“In keeping with the Spirit of Catherine McAuley, the foundress for the Mercy Sisters, our school is committed to academic development, while also nurturing the spiritual, physical, creative and emotional needs and abilities of each student in a secure environment.”
Aims of School
- To enable the students to become fully developed and integrated persons. To prepare the students by academic and practical training for adult living and to promote in them a co-operative spirit so that they can make a constructive contribution to society.
- To enable the students to live in reverent relationship with all of creation and to nurture in them a respect for life and a care for the earth.
- To enable the students to develop a healthy self-image with the ability to adapt to a rapidly changing world and to live at peace within
- To nurture in the students:
o A sense of their cultural identity o An appreciation of the diversity of cultures.
- To assist the moral, social, cultural and political growth of the students.
Prayer Room in St. Mary’s Charleville.
The sisters of Mercy for the education of girls founded St Mary’s Secondary School.
Foundation stone of convent.
Sisters become involved in primary education at the then local primary school run by lay principal.
Secondary School was opened in a room in the convent (Pay School).
A new secondary school was built consisting of two class rooms which were on the campus of the fever hospital which had been built by the state in 1836 due to an epidemic of cholera.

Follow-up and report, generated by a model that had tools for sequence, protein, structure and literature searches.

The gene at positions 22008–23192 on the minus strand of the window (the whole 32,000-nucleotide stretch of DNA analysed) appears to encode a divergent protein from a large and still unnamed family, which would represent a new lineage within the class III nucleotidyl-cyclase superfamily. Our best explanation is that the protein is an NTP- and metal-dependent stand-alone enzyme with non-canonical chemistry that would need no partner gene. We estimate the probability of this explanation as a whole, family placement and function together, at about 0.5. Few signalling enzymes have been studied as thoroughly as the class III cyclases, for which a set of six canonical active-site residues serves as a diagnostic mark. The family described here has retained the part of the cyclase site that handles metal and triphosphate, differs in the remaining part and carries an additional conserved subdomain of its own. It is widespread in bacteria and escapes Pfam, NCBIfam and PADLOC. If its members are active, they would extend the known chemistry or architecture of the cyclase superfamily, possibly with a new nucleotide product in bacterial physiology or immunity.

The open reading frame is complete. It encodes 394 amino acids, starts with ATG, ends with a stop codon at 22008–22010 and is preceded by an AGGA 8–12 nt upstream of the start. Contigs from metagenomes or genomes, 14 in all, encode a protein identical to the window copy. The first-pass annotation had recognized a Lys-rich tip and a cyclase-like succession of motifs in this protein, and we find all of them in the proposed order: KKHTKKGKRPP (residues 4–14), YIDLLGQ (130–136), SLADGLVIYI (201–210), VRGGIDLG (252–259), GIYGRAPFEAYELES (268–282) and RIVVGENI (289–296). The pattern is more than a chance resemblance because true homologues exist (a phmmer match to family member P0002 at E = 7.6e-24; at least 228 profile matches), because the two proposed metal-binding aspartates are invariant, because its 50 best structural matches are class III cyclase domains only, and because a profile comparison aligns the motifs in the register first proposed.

Fever hospital closed and the building handed over to the sisters with proviso that if an epidemic broke out it would be available as a hospital again. This building in 1855 became the centre for the teaching of crafts in particular lace making. A qualified lace-maker was employed and products were sold to America and Australia. It was also used as an infant school and one classroom was used by the secondary for the teaching of science up until 1922 when a new science room was built – one of the first in the country.
The old fever hospital was condemned and a new infant school was opened in 1965. The secondary school renovated the building and used it for class. It was called after the Archbishop Mannix who was a native of Charleville.
1970 – 1975
Between 1970 and 1975 two new blocks were added to the already existing secondary school building as an assembly hall, which is our circulation area and lunch room to this day. The numbers increased steadily. As a result of free education and free transport so a number of prefabs were gradually erected.
Negotiations for a new school were initiated with the Dept of Education, as conditions in the school were very primitive. Health and safety of the children and the staff was a priority with the trustees. The Department saw the needs were genuine and in 1998 the new extension was sanctioned. On October 26th 1998 the bulldozer pulled in and since then there hasn’t been a dull moment!
In November 2000 a new school, on the same site was officially opened by the Minister Micheal Martin and blessed by Bishop John Magee of Cloyne Diocese.